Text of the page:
Ivanpah, the world’s largest solar plant started producing power today in California’s Mojave Desert, just about 40 miles outside of Las Vegas, Nevada. It took about four years to build the plant that is estimated to produce enough power for about 140,000 homes. Developed by BrightSource-Energy, which is based in Oakland, NRG Energy and Google are major investors into the project with an estimated $168 million invested according to executive director of the Department of Energy’s Loan Program Office, Peter Davidson.
In 2011, a $1.6 billion loan guarantee by the Department of Energy allowed the Ivanpah solar farm to become one of seven major solar plant venture in California scheduled in 2014. 300,000 7-foot-high, 10-foot-wide computer-controlled mirrored panels concentrate the Sun’s light to the upper section of three 459-feet towers; there using the equivalent of as much as two-holes worth of water used by a nearby gulf course, the water is turned into steam to power turbines. Last year with a record 2.3 Gigawatt scale solar utilities installed; more than 13.5 million tons of carbon dioxide is to be avoided over the plants 30-year lifetime, equivalent of removing around two million cars from the road through the Ivanpah solar plant alone.
According to the Solar Energy Industries Association, the industry contributes roughly $2.6 billion into the national economy as California aims to stay amongst the top of the nation’s clean energy board leaders with projects like the Ivanpah solar plant. The state passed legislation that would fuel the process of creating new renewable goals and passing laws last year that would permit state regulators to increase renewable requirements without legislature hassle as the country pushes against the constraints associated with its foreign oil dependency and carbon emission policies. Ivanpah and other solar plants are collectively becoming the world’s largest movement towards the solar powered future in energy.
According to NRG Energy, the Ivanpah solar plant is nearly 5.5 square miles and the largest undertaking of its kind in history. The California legislation is expecting at least 50 percent of the market by 2030. President Obama and the Department of Energy are quoted as devoted to ensuring that all sources of energy are economical. Energy Secretary Ernest Moniz cited that the department has made more than $24 billion in loan guarantees for clean energy programs, and over $8 billion for fossil fuel projects that lower carbon emission.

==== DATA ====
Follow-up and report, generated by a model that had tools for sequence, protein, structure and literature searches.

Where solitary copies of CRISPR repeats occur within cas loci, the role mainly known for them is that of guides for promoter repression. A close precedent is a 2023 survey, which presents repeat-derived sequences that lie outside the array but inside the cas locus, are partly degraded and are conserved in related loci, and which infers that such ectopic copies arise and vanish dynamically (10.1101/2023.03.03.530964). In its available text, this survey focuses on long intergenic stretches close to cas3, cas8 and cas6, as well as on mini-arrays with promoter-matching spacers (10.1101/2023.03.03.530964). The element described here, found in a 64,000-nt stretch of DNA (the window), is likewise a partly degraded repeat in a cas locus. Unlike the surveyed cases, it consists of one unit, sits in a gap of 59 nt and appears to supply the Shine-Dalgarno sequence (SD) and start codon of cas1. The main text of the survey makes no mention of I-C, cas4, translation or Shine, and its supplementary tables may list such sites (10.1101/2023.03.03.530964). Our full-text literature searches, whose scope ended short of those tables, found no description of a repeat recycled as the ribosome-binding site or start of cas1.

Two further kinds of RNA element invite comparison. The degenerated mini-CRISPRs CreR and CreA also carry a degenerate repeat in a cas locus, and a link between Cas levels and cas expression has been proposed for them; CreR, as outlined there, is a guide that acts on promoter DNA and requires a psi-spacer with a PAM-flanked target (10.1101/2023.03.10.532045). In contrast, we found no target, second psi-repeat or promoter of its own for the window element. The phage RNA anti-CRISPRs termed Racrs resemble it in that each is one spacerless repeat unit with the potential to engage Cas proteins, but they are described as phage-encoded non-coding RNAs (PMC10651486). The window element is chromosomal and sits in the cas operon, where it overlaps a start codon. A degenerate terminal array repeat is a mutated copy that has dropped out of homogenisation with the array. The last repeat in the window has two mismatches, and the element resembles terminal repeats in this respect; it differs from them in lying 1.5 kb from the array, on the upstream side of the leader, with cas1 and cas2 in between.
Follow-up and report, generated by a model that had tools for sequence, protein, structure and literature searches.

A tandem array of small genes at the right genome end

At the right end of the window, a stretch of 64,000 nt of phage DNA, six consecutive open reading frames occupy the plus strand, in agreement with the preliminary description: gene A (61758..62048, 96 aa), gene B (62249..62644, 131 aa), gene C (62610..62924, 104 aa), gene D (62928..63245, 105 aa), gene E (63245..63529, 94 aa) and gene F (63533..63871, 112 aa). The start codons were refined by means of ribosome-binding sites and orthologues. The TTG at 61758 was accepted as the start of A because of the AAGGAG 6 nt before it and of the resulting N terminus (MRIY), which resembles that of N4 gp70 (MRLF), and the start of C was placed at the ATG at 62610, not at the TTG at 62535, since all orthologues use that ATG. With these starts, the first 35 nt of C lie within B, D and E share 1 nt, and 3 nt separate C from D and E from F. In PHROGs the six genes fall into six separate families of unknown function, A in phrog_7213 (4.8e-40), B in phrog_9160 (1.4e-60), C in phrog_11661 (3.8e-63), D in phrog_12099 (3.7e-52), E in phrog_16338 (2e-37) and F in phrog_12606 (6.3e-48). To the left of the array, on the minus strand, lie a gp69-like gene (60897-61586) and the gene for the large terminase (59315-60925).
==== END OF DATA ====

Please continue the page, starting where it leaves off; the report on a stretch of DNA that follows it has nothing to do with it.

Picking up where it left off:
California State law requires that, by the end of 2020, utilities must get one-third of their power from renewable energy sources. Although the future of renewable solar power is still uncertain here in America, the potential for oversees business is looming with growth. BrightSource is exploring projects in China, South Africa and Morocco with North American states like Nevada and Georgia showing interest as well. What has yet to be identified is the market technology adoption of either solar thermal or photovoltaic processes; with both currently being considered more expensive then the traditional natural gas burning plants, supporters of both processes estimate that each process will be cheaper than the natural gas plants. Many are waiting to see what can be delivered with the Ivanpah solar plant and other expected solar power projects from the world’s largest movement towards a solar renewable source to correct the nation’s energy crisis.
By Michael Augustine